03-21-2013, 08:59 AM
      #18
    Started
    Quote:
    Originally Posted by autumnheart    
    Thank you all for your replies! I really appreciate all of the concerns you have brought up. I will say that these responses aren't exactly what I was looking for...I'm well aware of the expense of a horse. I know it isn't just the initial costs, it's all the upkeep. I've tried my best to calculate every little cost that there might be AND have kept in mind emergency situations. And none of you know how much I make. I feel like because I'm only 17 you've assumed I'm ignorant, or "my reality's skewed."

    My question was should I go for Matt or invest in another horse. That's really all I needed to know. I wasn't looking for reading novels of lectures.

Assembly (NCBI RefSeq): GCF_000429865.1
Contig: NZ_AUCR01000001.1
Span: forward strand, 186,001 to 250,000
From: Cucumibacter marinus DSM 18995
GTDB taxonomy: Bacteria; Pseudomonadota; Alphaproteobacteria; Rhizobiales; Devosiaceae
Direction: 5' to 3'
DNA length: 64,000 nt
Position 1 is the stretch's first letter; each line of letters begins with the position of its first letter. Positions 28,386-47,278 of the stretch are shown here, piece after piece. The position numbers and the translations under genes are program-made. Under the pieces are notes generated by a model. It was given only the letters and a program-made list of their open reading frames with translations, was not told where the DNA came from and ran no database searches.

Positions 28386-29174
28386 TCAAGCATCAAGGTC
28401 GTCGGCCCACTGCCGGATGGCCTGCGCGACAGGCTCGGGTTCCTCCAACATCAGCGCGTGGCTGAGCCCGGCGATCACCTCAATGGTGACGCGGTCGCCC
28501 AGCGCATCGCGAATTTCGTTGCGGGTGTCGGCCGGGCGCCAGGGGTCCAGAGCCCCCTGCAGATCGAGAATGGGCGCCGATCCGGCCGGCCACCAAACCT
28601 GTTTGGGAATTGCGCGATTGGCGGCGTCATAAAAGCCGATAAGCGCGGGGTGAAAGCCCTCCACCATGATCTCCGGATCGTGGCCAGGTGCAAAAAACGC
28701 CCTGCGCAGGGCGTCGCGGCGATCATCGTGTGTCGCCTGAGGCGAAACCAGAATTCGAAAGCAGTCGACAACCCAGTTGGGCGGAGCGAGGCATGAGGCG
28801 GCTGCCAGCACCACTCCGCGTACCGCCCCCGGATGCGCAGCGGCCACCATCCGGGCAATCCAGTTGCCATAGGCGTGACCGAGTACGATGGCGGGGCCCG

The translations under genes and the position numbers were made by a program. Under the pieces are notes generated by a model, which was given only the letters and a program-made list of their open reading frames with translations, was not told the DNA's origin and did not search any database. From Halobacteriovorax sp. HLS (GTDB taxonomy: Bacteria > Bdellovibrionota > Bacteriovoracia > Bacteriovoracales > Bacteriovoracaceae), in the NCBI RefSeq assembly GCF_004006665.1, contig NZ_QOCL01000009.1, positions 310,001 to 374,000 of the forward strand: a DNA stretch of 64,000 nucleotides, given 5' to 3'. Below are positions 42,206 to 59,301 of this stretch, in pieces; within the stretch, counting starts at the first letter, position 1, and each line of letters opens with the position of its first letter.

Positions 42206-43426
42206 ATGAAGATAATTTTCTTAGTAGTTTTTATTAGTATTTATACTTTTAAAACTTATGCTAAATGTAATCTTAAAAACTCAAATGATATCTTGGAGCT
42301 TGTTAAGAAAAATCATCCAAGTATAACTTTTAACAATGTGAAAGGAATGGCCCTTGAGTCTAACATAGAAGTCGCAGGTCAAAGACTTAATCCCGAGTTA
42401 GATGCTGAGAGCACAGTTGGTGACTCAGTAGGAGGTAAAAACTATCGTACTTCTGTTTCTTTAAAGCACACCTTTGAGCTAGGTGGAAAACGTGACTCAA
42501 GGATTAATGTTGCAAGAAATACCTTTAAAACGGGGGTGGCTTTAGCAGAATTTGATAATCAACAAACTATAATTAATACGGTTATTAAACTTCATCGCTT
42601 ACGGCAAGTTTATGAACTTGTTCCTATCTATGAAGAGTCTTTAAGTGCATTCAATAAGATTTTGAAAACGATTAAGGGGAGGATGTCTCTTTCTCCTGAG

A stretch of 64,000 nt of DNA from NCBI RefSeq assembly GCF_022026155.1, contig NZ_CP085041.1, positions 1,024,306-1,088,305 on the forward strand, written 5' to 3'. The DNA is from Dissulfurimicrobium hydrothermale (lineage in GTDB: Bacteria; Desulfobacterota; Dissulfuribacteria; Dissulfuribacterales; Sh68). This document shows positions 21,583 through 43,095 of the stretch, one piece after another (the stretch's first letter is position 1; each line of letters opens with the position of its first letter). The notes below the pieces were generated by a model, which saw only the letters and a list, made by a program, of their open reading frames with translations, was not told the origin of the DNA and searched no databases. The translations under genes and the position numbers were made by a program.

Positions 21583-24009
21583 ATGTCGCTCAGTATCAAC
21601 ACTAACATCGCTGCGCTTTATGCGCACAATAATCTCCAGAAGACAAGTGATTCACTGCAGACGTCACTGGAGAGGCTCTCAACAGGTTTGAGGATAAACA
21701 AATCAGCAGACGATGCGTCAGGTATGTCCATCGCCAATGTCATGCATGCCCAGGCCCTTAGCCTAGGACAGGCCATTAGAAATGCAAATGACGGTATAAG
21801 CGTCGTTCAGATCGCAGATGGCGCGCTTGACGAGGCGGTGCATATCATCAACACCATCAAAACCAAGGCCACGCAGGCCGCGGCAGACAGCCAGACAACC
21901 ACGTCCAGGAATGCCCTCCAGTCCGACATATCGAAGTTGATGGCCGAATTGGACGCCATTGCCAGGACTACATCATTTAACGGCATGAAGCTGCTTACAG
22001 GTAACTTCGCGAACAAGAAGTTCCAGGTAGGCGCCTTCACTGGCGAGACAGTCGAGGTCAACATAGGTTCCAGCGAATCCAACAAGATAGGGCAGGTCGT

I answered this one already. I said you should go for Matt. He is still young and has many years ahead of him.
    autumnheart likes this.
         
        03-21-2013, 09:00 AM
      #19
    Showing
    Autumn, you've handled the criticism with dignity and maturity. I just want to applaud that :)
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        03-21-2013, 09:00 AM
      #20
    Weanling
    Thank you! :) It sounds like most of you say I should go for Matt.